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vitreous degeneration

noun. a change that occurs in the vitreous humor (or vitreous fluid) in the eye, as the vitreous humor changes from a thick vitreous gel to a thin liquid substance

Normally, the vitreous humor is a transparent gel that helps with clarity of vision and maintaining the shape of the eye. As we age, the vitreous gel may start to shrink and become more of a liquid consistency; it will no longer be able to fill the space of the eye, and the vitreous humor can detach from the retina, which is the light-sensing nerve layer at the back of the eye. The fibers connecting the vitreous humor to the retina will start to pull away as this happens. 

Initially, with mild vitreous degeneration, the most common symptoms are vitreous floaters, which look like small cobwebs in the field of vision. 

With some individuals who experience significant degeneration, a posterior vitreous detachment (PVD) can happen. A posterior vitreous detachment is the complete detachment of the vitreous humor from the retina. Risk factors for PVD include aging, advanced myopia, recent eye surgery, and eye trauma. Although PVD rarely leads to vision loss, it can lead to flashes of light and an increase in floaters.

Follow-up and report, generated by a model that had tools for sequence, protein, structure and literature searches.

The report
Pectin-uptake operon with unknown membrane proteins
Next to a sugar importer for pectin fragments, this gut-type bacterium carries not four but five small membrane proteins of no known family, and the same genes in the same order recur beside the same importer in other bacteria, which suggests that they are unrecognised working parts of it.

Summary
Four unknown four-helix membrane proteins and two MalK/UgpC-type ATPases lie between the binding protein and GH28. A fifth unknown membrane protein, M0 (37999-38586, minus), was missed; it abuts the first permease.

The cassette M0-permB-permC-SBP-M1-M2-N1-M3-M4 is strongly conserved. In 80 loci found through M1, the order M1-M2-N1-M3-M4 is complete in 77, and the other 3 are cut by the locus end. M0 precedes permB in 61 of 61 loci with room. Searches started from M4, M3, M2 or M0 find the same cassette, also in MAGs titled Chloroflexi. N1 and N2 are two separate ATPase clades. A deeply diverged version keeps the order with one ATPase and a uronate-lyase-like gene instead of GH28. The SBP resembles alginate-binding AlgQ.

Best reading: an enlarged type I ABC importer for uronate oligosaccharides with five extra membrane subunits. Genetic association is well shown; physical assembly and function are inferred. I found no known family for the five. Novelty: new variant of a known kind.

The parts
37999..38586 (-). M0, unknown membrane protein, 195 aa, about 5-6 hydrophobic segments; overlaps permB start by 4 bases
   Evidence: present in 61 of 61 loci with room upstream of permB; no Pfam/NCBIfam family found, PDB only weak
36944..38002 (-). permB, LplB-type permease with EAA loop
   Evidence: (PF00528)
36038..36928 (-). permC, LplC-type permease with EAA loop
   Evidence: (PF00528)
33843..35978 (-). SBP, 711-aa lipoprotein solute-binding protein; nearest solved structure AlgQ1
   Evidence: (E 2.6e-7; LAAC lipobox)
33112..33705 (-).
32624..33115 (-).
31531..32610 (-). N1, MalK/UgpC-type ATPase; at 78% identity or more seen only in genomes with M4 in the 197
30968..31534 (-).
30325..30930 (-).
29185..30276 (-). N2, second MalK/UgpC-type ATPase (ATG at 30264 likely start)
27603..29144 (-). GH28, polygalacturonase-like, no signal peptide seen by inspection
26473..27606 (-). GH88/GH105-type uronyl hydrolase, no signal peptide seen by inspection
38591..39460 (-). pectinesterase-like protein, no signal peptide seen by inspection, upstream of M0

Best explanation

A vitreous hemorrhage (blood in the vitreous cavity) can happen when a blood vessel tears away with posterior vitreous detachment. A vitreous hemorrhage will give the individual flashes and floaters in the field of vision. Some vision loss may occur due to the presence of blood in the visual field.

Other complications that can occur with vitreous degeneration include retinal tears or a retinal detachment. A torn retina can occur as the fibers on the vitreous humor pull away from the retina. A sudden increase in the amount of flashes and floaters can be indicative of a retinal tear or detachment. If the torn retina is not treated promptly, a complete retinal detachment can occur.

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